The widespread use of a single constellation for most civil aviation applications has been a concern for a long time. Apart from GPS, also GLONASS evolved into civil aviation in some regions, although on a smaller scale . Multi-constellation GNSS receivers have been in use outside of the aviation domain for several years, and the good news is, in a couple of years we might finally have them onboard too .
ICAO is currently developing SARPS for so-called Dual-Frequency, Multi-Constellation (DFMC) receivers that will allow the use of new GPS signals (L5, L1C provided by GPS III satellites) and also benefit from other constellations, such as GALILEO, GLONASS, BDS and possibly QZSS . Not only will this enhance the accuracy, integrity and availability of GNSS positioning, it will also give rise to many new applications, such as DFMC GBAS for CAT III auto land . Airborne DFMC receiver solutions are expected to be available around 2025 . In fact, the first GPS III satellite was successfully launched on December 23rd 2018, with more launches planned 2019 .
Figure 4: Exciting times in space: Many new satellites are made available for navigation
For most aviation applications, the integrity of today’s GPS data is ensured by using Receiver Autonomous Integrity Monitoring (RAIM) or some form of SBAS (WAAS, EGNOS, GAGAN or MSAS etc.). It is important to realize, that the current RAIM capability was developed with a single-failure scenario in mind and does not consider constellation faults  . Also, probability values for satellite failures are static numbers in the algorithms .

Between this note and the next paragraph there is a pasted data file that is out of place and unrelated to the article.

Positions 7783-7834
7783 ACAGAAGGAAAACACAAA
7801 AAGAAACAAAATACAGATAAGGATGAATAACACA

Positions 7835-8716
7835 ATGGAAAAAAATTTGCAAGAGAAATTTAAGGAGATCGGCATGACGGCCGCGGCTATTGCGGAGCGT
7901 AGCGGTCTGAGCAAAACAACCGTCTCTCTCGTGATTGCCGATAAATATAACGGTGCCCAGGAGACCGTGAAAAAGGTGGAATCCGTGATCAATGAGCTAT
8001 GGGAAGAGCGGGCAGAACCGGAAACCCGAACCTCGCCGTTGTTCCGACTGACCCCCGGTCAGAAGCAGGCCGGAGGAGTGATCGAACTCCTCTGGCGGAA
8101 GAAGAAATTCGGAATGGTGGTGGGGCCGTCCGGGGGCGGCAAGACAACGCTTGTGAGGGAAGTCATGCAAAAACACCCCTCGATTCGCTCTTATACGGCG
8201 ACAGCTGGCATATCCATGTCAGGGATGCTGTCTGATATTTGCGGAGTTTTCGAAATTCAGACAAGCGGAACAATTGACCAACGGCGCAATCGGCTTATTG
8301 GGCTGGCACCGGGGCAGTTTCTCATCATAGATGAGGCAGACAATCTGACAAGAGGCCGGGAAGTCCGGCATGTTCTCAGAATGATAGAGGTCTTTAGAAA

Integrity monitoring needs to be more capable in a multi-constellation environment, therefore the concept of Advanced RAIM (ARAIM) is currently proposed. It is essentially the extension to other constellations and the capability to deal with multiple simultaneous failures, as this will be more likely considering the increased number of satellites  . Furthermore, a new method to “customize” integrity monitoring, the so-called Integrity Support Message (ISM) will be introduced, allowing accredited entities to manipulate integrity monitoring parameters, such as probability of failure for satellites  . In this manner, the ISM generating body can account for changes in the constellation and thus improve integrity monitoring performance . ARAIM is intended to be split in horizontal (H-ARAIM) and vertical (V-ARAIM) capability, the latter being more demanding and probably later in time but a key enabler for global LPV-200 capability  .
All these advances are hugely important for future navigation applications, as they enhance capabilities of airborne navigation systems and allow us to get what we really need: The right mix.
 http://columbuslandfall.com/ccnav/dr.shtml, 01/2019